Five days after a mentally challenged woman was allegedly raped by a man in Ngwalwa village in Peren district in Nagaland, the police registered a case on Thursday, but by then the alleged rapist had already managed to escape.
But what has also created sensation in Nagaland is the fact the man accused of rape was reportedly “tried” by the village customary court. Customary laws are still prevalent and recognized by the government in Nagaland- following which he was slammed a seven-day excommunication from the village.
Peren deputy commissioner Peter Lichamo said over the telephone that family members of the victim lodged an FIR only on Thursday, immediately after which a case was registered in Jalukie police station. “The person accused of rape is absconding. But the police is on the look-out and we hope to apprehend him as early as possible,” Lichamo told The Indian Express.
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The woman, whose husband is a government employee, was raped on May 17, with the village customary court identifying him as one Kiedai Dwasang, who himself is said to be a father of four children. Dwasang reportedly was accused of similar crimes against women at least on four earlier occasions, it was gathered.
Condeming the incident Naga Mothers’ Association (NMA) president Abeiu Mero asked the police to trace out the accused as early as possible. “We will not keep quiet till he is arrested and stringent punitive action taken against him. Apart from the customary laws, lack of awareness among the village women especially in remote areas about their rights and violations is also a huge problem,” she added.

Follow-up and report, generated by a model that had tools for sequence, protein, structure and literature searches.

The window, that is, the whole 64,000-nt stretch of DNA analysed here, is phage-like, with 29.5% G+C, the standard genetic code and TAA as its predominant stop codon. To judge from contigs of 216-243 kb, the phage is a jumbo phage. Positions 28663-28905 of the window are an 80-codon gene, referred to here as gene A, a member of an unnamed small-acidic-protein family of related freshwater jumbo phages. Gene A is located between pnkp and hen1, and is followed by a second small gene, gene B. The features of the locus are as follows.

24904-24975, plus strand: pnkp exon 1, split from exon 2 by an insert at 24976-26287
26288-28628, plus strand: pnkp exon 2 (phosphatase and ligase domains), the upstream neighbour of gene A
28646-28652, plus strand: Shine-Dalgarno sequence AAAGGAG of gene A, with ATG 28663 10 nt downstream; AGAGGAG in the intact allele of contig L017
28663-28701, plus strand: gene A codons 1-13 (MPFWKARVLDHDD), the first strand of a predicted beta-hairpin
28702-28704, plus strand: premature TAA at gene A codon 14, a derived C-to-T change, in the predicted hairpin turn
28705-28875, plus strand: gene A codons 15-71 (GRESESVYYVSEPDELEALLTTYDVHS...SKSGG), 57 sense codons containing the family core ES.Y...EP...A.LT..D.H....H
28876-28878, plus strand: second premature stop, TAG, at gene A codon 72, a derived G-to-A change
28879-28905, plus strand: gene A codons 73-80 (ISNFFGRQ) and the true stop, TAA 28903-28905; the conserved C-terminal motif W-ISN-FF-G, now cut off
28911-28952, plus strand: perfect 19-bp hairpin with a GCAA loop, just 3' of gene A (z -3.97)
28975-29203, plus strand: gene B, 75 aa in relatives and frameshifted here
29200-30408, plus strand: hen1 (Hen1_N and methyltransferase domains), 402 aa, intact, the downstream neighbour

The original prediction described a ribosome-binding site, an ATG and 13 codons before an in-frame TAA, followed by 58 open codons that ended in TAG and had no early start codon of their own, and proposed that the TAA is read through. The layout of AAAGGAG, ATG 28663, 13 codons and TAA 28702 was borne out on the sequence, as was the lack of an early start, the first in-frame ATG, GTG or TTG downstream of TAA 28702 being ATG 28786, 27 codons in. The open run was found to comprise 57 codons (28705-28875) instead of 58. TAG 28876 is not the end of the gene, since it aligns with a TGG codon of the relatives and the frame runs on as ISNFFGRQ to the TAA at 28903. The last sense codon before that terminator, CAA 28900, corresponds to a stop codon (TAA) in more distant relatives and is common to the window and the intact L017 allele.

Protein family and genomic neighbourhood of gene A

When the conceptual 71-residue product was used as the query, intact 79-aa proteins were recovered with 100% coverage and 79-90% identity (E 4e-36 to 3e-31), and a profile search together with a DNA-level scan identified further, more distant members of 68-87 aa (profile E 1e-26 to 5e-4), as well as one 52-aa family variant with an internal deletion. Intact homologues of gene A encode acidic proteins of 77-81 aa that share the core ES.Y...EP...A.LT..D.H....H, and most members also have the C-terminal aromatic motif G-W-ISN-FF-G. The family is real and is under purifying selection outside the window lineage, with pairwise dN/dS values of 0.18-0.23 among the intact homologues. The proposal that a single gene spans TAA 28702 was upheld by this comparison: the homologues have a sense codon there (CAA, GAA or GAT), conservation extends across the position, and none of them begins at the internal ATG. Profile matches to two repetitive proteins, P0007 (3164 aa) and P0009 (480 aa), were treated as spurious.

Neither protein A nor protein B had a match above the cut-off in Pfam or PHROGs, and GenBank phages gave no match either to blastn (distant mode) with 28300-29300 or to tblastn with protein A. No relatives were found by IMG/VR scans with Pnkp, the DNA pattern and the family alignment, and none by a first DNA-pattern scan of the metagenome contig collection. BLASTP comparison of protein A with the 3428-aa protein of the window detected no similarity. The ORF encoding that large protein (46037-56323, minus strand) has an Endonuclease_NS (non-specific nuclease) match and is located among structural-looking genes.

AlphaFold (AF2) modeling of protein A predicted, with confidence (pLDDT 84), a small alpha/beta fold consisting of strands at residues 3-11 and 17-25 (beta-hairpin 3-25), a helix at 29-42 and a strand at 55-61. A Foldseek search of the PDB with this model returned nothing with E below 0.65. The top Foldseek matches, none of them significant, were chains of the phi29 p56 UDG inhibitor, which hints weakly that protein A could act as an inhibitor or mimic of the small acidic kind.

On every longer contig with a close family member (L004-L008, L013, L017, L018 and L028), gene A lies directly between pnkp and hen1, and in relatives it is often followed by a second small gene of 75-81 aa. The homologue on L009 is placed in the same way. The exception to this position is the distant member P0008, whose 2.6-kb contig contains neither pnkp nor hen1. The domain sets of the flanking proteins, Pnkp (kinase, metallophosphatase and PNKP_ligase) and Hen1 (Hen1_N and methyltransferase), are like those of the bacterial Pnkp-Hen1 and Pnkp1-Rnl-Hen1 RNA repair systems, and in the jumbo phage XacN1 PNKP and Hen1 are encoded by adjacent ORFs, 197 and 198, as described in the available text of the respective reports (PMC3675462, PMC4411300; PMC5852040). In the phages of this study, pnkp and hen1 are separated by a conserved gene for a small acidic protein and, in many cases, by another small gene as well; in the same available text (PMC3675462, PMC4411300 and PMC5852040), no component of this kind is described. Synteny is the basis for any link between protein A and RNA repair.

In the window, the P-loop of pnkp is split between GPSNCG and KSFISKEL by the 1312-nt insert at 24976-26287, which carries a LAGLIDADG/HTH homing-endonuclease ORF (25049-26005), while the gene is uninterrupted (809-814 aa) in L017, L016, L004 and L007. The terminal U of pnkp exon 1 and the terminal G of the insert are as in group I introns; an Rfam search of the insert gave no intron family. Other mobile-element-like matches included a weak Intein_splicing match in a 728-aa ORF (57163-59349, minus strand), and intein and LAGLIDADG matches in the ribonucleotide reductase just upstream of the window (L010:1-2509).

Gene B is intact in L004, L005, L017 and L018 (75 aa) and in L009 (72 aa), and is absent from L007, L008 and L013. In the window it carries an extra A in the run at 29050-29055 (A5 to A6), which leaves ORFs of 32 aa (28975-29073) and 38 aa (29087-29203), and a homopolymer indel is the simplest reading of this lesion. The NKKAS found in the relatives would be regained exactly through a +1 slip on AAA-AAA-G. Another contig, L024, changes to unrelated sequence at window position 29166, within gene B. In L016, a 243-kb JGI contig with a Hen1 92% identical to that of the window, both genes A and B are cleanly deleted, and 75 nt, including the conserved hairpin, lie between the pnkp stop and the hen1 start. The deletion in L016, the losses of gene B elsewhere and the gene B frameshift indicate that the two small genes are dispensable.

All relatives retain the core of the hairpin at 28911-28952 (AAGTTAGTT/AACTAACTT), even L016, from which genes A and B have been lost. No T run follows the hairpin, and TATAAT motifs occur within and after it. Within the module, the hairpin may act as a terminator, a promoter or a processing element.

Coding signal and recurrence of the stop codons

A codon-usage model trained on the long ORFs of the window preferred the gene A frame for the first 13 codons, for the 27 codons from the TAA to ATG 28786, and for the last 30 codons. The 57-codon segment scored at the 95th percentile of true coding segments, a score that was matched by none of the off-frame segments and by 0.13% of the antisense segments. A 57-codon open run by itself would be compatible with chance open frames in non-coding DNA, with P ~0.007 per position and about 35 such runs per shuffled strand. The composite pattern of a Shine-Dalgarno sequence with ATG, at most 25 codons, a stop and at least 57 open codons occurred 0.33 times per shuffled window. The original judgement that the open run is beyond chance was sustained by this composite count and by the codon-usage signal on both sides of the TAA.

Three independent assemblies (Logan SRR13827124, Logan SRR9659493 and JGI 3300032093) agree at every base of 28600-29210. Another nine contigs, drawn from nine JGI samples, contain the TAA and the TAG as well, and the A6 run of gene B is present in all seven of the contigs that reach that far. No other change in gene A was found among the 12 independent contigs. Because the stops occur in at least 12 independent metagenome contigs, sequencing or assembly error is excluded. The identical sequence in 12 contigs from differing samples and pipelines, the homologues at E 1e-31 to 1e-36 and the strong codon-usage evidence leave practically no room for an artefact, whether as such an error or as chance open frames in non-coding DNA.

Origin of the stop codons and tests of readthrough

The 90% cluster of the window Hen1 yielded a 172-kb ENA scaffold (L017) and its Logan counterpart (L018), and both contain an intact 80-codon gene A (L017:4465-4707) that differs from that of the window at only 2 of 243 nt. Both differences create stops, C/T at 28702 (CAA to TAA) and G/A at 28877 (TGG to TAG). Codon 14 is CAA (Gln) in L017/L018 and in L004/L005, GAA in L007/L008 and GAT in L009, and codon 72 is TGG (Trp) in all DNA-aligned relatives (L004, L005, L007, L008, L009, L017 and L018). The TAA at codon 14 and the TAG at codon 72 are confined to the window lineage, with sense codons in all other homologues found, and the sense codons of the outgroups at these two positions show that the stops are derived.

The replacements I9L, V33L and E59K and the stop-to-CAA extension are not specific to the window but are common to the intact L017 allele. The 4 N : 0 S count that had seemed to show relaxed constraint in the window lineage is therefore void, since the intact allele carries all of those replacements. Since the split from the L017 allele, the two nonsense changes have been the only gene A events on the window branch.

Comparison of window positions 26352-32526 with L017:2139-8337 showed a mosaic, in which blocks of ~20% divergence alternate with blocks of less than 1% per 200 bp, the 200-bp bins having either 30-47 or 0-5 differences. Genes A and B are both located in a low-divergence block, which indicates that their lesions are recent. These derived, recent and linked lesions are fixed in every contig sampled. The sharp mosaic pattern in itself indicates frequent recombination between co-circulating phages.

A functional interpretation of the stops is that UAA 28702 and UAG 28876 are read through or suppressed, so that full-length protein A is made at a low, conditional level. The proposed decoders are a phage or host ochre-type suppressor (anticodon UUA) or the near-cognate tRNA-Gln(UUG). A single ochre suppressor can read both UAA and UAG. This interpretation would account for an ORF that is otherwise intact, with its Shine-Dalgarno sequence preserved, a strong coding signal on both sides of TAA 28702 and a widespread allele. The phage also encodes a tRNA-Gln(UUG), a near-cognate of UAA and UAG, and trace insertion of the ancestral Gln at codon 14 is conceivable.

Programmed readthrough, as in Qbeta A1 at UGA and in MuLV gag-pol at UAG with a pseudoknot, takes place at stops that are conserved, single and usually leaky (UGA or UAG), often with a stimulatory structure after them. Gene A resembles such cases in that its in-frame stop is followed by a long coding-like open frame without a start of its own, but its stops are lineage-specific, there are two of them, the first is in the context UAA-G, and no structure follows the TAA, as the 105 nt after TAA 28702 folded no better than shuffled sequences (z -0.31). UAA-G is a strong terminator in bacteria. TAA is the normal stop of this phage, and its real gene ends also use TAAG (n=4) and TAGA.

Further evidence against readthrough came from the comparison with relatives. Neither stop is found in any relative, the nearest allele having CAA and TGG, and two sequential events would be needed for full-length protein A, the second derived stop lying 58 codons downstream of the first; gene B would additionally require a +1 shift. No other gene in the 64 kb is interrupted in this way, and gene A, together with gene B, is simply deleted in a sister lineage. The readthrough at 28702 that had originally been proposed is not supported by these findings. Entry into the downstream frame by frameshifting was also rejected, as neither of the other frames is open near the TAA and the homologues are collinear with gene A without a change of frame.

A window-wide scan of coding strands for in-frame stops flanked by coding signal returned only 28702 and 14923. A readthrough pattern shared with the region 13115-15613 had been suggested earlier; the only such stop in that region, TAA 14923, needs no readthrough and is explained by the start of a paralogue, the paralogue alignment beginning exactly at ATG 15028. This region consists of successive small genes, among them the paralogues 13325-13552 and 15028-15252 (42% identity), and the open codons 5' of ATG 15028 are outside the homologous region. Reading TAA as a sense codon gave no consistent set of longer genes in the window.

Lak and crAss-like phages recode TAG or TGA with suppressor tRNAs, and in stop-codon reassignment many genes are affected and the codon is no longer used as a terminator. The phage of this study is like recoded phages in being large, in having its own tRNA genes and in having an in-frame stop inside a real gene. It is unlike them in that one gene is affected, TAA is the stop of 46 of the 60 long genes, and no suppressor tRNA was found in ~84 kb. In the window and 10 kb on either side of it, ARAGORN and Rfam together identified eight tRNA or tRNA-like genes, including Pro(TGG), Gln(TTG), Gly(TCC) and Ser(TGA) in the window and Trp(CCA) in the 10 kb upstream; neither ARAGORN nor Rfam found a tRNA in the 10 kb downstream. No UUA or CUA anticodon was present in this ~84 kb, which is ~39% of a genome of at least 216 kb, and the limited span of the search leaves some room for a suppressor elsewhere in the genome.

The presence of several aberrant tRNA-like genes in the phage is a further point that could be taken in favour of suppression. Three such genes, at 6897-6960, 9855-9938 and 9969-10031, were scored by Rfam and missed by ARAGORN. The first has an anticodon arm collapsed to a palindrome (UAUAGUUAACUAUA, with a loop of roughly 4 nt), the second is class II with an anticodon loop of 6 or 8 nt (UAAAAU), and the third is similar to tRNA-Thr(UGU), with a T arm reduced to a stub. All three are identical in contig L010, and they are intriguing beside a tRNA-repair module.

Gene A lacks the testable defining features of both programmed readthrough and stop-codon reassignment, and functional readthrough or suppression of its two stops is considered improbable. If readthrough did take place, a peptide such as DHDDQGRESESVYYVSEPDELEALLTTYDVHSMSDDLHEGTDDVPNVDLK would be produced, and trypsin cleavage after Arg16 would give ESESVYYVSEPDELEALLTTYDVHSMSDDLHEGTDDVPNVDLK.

The incident has in the meantime also reopened the debate over the efficacy of customary laws in contemporary Naga tribal society. NMA advisor Rosemary Dzuvichu, who is also director of the Women’s Studies Research Centre, Nagaland University, felt the naga society still had “dark places of discriminating women in the horrors of sexual violence” and wondered why the legal justice system should not step in during such crimes.
“The debate again on customary laws and crimes against women has opened up to the outside world as to how the so-called democratic, Christian and progressive Naga society still has its dark places of discriminating women even in the horrors of rape and sexual violence. We need protection of the legal justice system and our men must realize they must step out from the time warp if they want to protect their women and daughters,” Dzuvichu said.
Questioning the authority of the village customary court in handling such cases so leniently, Dzuvichu also felt customary laws cannot ensure justice. “Ancient practices passing off as customary law in such crimes cannot be accepted. Such laws cannot ensure justice. We want stringent action,” she said.
Customary laws in Nagaland are protected by the Constitution of India through its 13th amendment of 1962, which specifically says that Acts of Parliament shall not apply to Nagaland unless so decided by the Nagaland Legislature with regard to (among several others) Naga Customary Law and procedure.
“The fact that the victim woman is mentally challenged makes the case even worse. How did the village allow the perpetrator to live in the village even after he had committed several such crimes earlier?” asked Dzuvichu. “In close-knit villages it is difficult to defy the village council decision. But even then the district authorities should be vigilant and intervene in such instances by taking suo moto cases,” she said.